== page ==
Diving is excellent in the Port Hardy area. North Island Diving and Kayaking, 8625 Shipley St. (tel. 250/902-0565; www.odysseykayaking.com), is a full-service dive service, with rentals, instruction, and guided dives. Guided kayak trips and rental kayaks are also available. For more information on diving in the region, follow the links at www.3routes.com.
From Port Hardy, you can arrange day charter trips with local outfitters. Catala Charters and Lodge (tel. 800/515-5511 or 250/949-7560; www.catalacharters.net) offers guided 4-hour fishing trips for up to four people for C$500. Codfather Charters (tel. 250/949-6696; www.codfathercharters.com) offers year-round multiday fishing charters and accommodations in a waterfront lodge.
To simply rent a boat, contact Hardy Bay Boat Rental, Quarterdeck Marina at 6555 Hardy Bay Rd. (tel. 250/949-7048 or 250/949-0155; www.hardybayfishing.com). Rates start at C$22 per hour or C$190 per day.
Port Hardy is the stepping-off point for trips to remote fishing camps, many with long pedigrees and well-to-do clientele. One of the only camps directly accessed from Port Hardy is Duval Point Lodge (tel. 250/949-6667; www.duvalpointlodge.com), which offers multiday packages from its base camp about 8km (5 miles) north of town (accessed by boat). Guests receive a short training session; groups are then given their own boat and pointed to the channel. From here on, you keep your own schedule and run expeditions as you see fit. Guests stay in two, two-story floating lodges, each with four bedrooms, a mix of private and shared bathrooms, and a full kitchen. The outfitter provides rod and reel, bait, boat, cleaning area, and freezers. Guests do their own cooking. Guides are available, though part of the fun here is the satisfaction of running your own boat and interacting with other guests. The lodge also has two land-based log cabins, each with three bedrooms. Anyone who comes in their own boat can stay in these cabins; rates start at C$570 for 4 midweek nights. Boat/lodging packages start at C$970 for 4 nights/5 days of fishing and accommodations. The lodge is closed October through May. Duval Point is not for those looking for five-star comforts and pampering. But if you want access to excellent fishing and adventure with congenial hospitality, it's a great value.
If you are looking for creature comforts, one of the area's most famous and upscale fishing lodges is Nimmo Bay Resort (tel. 800/837-HELI  or 250/956-4000; www.nimmobay.com), a full-service floating resort where 3 days/3 nights at the lodge and fishing with transportation by helicopter will run you around C$7,250 per person. Access is by floatplane or boat.
North Island Diving and Kayaking, 8625 Shipley St. (tel. 888/792-3366 or 250/902-0565; www.odysseykayaking.com), gives guided day trips to islands in the protected waters of Beaver Harbour near Port Hardy starting at C$99. Rates include lunch and transportation. Kayak rentals are also available.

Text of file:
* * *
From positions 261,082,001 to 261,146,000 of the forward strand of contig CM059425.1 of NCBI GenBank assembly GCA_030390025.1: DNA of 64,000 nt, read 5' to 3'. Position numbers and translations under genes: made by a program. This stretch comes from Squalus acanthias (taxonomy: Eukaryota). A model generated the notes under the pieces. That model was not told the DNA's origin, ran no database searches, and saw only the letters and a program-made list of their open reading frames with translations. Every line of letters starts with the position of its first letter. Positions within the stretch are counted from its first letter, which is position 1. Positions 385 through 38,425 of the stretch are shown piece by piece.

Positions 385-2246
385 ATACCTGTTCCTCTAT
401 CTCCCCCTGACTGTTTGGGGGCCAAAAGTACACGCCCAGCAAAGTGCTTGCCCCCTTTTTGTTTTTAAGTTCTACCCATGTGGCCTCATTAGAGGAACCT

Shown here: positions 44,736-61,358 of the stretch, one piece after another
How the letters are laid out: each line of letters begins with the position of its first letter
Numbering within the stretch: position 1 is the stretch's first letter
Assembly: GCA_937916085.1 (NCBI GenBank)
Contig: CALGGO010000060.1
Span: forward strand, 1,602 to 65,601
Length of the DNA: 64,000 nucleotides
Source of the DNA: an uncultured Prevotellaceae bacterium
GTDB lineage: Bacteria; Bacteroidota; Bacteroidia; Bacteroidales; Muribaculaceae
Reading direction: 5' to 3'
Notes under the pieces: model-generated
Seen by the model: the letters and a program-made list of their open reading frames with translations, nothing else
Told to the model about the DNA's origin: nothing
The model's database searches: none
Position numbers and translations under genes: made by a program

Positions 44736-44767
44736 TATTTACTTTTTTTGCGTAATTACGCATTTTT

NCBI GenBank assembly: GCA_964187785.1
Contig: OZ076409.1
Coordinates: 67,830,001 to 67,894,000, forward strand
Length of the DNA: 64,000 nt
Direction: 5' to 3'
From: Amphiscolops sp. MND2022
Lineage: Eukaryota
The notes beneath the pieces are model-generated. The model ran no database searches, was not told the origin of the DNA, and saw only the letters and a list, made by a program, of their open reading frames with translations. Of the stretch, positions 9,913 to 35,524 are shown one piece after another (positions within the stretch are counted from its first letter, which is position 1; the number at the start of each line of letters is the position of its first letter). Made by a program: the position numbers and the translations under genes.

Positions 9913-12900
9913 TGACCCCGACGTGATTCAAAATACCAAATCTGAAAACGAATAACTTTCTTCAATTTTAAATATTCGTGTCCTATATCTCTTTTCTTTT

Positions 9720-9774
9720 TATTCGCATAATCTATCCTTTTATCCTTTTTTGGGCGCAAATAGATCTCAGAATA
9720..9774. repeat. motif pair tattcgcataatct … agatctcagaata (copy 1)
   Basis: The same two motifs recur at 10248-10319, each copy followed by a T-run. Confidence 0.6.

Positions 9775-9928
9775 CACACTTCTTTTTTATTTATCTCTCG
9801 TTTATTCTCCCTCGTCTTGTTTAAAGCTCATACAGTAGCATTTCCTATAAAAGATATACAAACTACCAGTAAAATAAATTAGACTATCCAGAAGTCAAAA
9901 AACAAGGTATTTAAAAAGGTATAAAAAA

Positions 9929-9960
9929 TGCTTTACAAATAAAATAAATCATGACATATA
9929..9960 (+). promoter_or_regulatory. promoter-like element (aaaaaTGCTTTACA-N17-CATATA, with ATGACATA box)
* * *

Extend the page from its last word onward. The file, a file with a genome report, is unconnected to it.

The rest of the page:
Hiking Cape Scott
Cape Scott Provincial Park is a 21,870-hectare (54,042-acre) coastal wilderness at the northwest tip of Vancouver Island. Cape Scott is true wilderness, preserving magnificent areas of coastal British Columbia, with little development other than trails. But for visitors looking to experience primal forests and miles of wild beaches, the park is a magical destination. The trail head for all park trails, in the extreme southeast corner of the park, is reached by a 67km (42-mile) part-paved, part-gravel road from Port Hardy. From there, follow signs for Winter Harbour or Holberg, and follow signs for the park from Holberg.
The park is characterized by 64km (40 miles) of spectacular ocean frontage, including about 23km (14 miles) of wide, sandy beaches, running from Nissen Bight in the north to San Josef Bay in the south and interspersed with rocky promontories and headlands. Nels Bight, midway between the eastern boundary of the park near Nissen Bight and the Cape Scott Lighthouse, is a 3km-long (1 3/4-mile), white-sand beach; it's considered the most impressive of the nine beaches in the park. Hansen Lagoon is a stopping place for Canada geese and a variety of waterfowl traveling the Pacific Flyway. Deer, elk, black bear, otter, cougars, and wolves are in evidence in the forested and open uplands, and seals and sea lions inhabit offshore islands.
The easiest and most popular hike in the park is the 2.5km (1.6-mile) one-way from the trail head to San Josef Bay. The trail leads through forest along the San Josef River, reaching the beach in about 45 minutes. Once at the beach, you can explore the ruins of the Henry Ohlsen home and post office, a relic of the Danish settlements of the early 1900s. The first section of beach is wide and white, flanked by rocky cliffs, and makes a great spot for a picnic. San Josef Bay is also a good place to explore by kayak; surfers ride the high waves here as well.
For long-distance hikers, the highlight of the park is the 24km (15-mile) one-way trail out to the Cape Scott Lighthouse at the very northern tip of Vancouver Island. Most hikers manage it in 3 days, with 2 nights spent at Nels Bight campground -- which means you won't be carrying your gear on the final leg to Cape Scott. Nels Bight is a spectacular coastline of sand and rocky beaches, and is a popular place to camp; fresh water is available.
There is no best time to visit the park, although midsummer is generally preferred, as the trails are less muddy. Facilities in the park are minimal. Be sure to wear waterproof boots, and if you're spending the night, be prepared for sudden changes of weather any time of year. For more information, contact BC Parks District Manager (tel. 250/954-4600; www.env.gov.bc.ca/bcparks).